40. 8 C.F.R. Sec. 274a.12(b)(15) (1992).
41. 8 C.F.R. Sec. 274a.13 (1992).
42. Handbook for Employers at 4.
43. INA 274A(g)(1) (1992).
44. INA Sec. 274A(e)(5) (1992).
45. INA Sec. 274A(e)(4) (1992).
46. INA Sec. 274A(g)(2) (1992).
47. INA Sec. 274A(f) (1992).
48. 18 U.S.C. Secs. 1001 & 1546(b) (1992).
49. INA Sec. 274B(a)(6) (1992) See generally 28 C.F.R. Secs. 44.200 et
seq. for regulations implementing anti-discrimination protections.
50. INA Sec. 274B(a)(1)(B) (1992).
51. INA Sec. 274B(a)(5) (1992) (IRCA).
52. INA Sec. 274B(a)(1)(A) (1992) (IRCA).
53. INA Sec. 274B(a)(1).
54. See Fayyaz v. The Sheraton Corp., OCAHO Case NO. 89-200430 (Apr. 10,
55. See Banuelos v. Transportation Leasing Company, OCAHO Case No.
89-200314 (Oct. 24, 1990).
56. INA Sec. 274B(a)(2)(A) (1992).
57. Preamble to 52 Fed. Reg. 37,402 (Oct. 6, 1987).
58. INA Sec. 274B(a)(6) (1992).
59. Id; see U.S. v. Lasa Marketing Firms, OCAHO Case No. 88-200061 (Nov.
27, 1989) amended (Mar 14, 1990) at 28 (refusal to refer temporary
resident for employment without "green card"); Jones v. DeWitt Nursing
Home, OCAHO Case No. 88-200202 at 14 (June 20, 1990) (termination for
failure to submit a birth certificate, although employee had submitted
social security card and state-issued identity card); U.S. v. Marcel Watch
Corp., OCAHO Case No. 89-200085 at 15 (Mar 22, 1990) amended (May 10,
1990) (insistence on "green card" for U.S. citizen born in Puerto Rico).
60. U.S. v. Louis Padnos Iron & Metal Co., OCAHO Case No. 91-200152 (Mar.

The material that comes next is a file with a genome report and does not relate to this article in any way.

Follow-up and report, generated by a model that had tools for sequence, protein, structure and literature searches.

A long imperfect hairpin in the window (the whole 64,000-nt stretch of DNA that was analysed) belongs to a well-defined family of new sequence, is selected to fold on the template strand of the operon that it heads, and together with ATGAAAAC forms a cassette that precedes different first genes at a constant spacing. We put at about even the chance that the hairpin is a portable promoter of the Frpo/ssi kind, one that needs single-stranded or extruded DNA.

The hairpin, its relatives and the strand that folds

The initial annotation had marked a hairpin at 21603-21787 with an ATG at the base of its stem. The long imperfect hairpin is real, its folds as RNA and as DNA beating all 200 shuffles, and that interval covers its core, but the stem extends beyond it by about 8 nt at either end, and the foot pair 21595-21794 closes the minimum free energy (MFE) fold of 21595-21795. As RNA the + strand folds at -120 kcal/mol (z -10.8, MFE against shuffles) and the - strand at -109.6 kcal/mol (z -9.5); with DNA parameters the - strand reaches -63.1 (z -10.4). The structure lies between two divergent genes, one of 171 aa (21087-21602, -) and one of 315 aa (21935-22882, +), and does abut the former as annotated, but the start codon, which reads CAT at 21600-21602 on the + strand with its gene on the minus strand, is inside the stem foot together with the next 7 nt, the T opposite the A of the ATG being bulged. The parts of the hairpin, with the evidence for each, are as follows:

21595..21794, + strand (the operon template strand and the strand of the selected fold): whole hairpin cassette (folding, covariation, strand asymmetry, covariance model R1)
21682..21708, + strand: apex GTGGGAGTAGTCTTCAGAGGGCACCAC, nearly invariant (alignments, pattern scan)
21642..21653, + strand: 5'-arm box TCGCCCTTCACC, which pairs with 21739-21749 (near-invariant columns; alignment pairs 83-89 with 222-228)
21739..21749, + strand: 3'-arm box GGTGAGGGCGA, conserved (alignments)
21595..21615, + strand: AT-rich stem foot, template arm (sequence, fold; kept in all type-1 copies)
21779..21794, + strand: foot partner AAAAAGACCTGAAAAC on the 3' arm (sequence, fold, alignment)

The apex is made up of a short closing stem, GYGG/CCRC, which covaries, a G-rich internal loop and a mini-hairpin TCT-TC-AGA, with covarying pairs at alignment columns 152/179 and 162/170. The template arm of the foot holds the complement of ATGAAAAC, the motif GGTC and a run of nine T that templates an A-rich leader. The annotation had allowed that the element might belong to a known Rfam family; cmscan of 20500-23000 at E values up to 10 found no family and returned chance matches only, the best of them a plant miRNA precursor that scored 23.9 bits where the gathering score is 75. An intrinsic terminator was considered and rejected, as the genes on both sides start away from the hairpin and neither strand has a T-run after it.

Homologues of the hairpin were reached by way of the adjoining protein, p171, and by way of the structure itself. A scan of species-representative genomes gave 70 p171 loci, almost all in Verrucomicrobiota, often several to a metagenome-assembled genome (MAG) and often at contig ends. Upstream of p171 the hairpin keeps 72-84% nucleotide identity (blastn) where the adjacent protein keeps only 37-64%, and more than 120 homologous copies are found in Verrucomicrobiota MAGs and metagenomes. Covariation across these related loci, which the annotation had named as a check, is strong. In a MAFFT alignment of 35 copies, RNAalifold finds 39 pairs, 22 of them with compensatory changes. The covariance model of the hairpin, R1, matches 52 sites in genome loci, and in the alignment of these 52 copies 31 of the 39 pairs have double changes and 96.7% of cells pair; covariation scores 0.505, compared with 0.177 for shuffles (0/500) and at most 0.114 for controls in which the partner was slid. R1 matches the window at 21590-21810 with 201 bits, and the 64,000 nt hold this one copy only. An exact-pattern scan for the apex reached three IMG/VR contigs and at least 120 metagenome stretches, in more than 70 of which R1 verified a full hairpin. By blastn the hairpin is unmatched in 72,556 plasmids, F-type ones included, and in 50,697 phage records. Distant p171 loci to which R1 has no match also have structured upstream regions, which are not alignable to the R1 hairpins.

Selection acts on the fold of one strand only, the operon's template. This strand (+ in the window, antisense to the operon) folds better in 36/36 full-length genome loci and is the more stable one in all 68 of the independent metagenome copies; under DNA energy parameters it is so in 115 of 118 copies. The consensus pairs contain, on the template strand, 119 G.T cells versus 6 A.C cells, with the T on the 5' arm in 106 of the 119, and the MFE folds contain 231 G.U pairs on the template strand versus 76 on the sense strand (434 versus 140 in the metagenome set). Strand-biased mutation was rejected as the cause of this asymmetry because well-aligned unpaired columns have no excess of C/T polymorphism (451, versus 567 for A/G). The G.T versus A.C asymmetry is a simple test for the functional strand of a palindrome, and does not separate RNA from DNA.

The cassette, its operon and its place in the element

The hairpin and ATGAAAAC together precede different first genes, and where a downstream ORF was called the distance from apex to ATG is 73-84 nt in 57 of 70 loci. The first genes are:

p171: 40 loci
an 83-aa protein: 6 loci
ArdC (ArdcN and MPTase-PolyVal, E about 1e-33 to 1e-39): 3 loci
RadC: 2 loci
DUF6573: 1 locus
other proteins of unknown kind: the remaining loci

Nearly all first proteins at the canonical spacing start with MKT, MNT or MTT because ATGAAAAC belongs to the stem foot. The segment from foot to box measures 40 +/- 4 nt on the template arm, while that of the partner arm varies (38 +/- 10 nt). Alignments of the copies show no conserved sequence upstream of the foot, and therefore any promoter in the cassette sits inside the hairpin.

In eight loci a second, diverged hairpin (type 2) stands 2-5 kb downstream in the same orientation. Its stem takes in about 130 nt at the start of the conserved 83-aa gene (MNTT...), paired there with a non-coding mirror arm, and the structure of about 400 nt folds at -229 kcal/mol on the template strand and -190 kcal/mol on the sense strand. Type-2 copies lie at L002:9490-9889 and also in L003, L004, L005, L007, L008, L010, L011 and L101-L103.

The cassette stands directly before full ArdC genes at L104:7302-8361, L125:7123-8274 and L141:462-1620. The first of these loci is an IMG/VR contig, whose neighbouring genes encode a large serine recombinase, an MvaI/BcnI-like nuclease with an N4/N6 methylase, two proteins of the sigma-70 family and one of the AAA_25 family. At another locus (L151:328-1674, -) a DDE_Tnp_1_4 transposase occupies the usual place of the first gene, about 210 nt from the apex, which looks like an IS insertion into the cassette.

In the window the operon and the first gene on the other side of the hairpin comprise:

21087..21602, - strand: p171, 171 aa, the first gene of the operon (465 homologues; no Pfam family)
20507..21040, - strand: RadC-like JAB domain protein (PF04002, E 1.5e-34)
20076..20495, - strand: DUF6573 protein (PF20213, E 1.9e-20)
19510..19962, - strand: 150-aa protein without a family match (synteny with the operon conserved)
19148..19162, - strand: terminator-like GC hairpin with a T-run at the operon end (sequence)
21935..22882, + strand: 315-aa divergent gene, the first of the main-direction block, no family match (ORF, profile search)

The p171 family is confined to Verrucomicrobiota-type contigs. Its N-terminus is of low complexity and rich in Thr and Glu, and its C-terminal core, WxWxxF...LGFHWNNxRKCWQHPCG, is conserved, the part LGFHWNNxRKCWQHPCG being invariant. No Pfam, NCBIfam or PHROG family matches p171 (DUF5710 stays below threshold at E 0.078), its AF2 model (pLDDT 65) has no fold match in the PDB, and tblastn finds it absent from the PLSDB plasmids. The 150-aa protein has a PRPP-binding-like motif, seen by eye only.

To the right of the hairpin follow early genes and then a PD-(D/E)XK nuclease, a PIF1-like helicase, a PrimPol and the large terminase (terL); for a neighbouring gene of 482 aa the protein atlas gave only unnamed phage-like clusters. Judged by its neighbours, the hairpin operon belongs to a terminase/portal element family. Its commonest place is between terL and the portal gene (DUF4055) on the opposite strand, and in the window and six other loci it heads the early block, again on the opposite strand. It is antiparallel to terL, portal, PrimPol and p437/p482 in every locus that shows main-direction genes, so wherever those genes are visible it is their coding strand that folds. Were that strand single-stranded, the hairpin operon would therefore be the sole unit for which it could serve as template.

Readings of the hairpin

61. Handbook for Employers at 4.
62. See Jorge A. Del Risco v. Potomac Electric Power Co., OCAHO Case No.
89-200038 (complaint dismissed after settlement Aug. 8, 1989).
63. INA Sec. 274B(a)(1)(B) (1992).
64. See U.S. v. Mesa Airlines, OCAHO Case No. 88-200001 (July 24, 1989),
appeal dismissed 951 F.2d 1186 (10th Cir. 1991).
65. 8 C.F.R. Sec. 274a.2(b)(3) (1992).
66. INA Sec. 274B(a)(2)(C) (1992). See Sosa v. U.S. Postal Service, OCAHO
Case No. 89-200001 (Dec. 15, 1989) (postal service regulation falls within
exception); Elhajomar v. City of Honolulu, OCAHO Case No. 89-2000269 (Oct.
4, 1990) (state statute falls within exception).
67. INA Sec. 274B(a)(4) (1992).
68. 28 C.F.R. 44.200(b)(2) (1992); U.S. v. Mesa Airlines, OCAHO Case Nos.
88-200001 & 2 at 83 (July 24, 1989), appeal dismissed, 951 F.2d 1186 (10th
70. See Bernal v. Fainter, 104 S.Ct. 2312 (1984).
71. 29 C.F.R. Sec. 1606.1 (1992).
72. See In re Charge of Luis Aguilera, U.S. v. Castle Valley Auto Sales,
Inc., OCAHO Case No. 90-200143 (Mar. 5, 1992).
73. Preamble to 52 Fed. Reg. 37,402 (Oct. 6, 1987).
74. 29 C.F.R. Sec. 1601.1 (1992).
75. 29 C.F.R. Sec. 1606.7 (1982) (Title VII); Preamble to 52 Fed. Reg. 37,
402 (Oct. 6, 1987).
76. See League of United Latin American Citizens v. Pasadena Ind. School
Dist., 662 F. Supp. 443 (S.D. Tex 1987).
77. 29 C.F.R. Sec. 1606.1 (1992) (Title VII); see, e.g., In re Charge of
Luis Aguilera, United States v. Castle Valley Auto Sales, Inc. OCAHO Case
No. 90-200143 (Mar. 5, 1992).
78. 42 U.S.C. Sec. 2000e(b) (1992).
79. INA Sec. 274B(a)(2)(B) (1992).
80. 54 Fed. Reg 32,499 (Aug 8, 1989).
81. INA Sec. 274B(a)(5) (1992) (IRCA); 42 U.S.C. Sec. 2000e-3(a) (Title
82. INA Secs. 274B(a)(1), 274A(h)(3) (1992); 8 C.F.R. Sec. 274a.12 (1992).
It is unclear whether unauthorized workers falling within the
"grandfather" clause are covered, although the Office of Special Counsel
believes they are not. Preamble to 52 Fed. Reg. 37,403 (Oct. 6, 1987).
83. INA Sec. 274B(a)(1)(B) (1992).
84. There is a special rule allowing persons granted temporary residency
under the legalization program to backdate their protection to the date
they filed for amnesty. 28 C.F.R. Sec. 44.101(c)(2) (1992).
85. INA Sec. 274B(a)(3) (1992).
86. Id. Also, the previous requirement in the law that a person file a
"Declaration of Intention to Become a Citizen" to be considered a
protected individual has been eliminated. IMMACT 90 Sec. 533(a).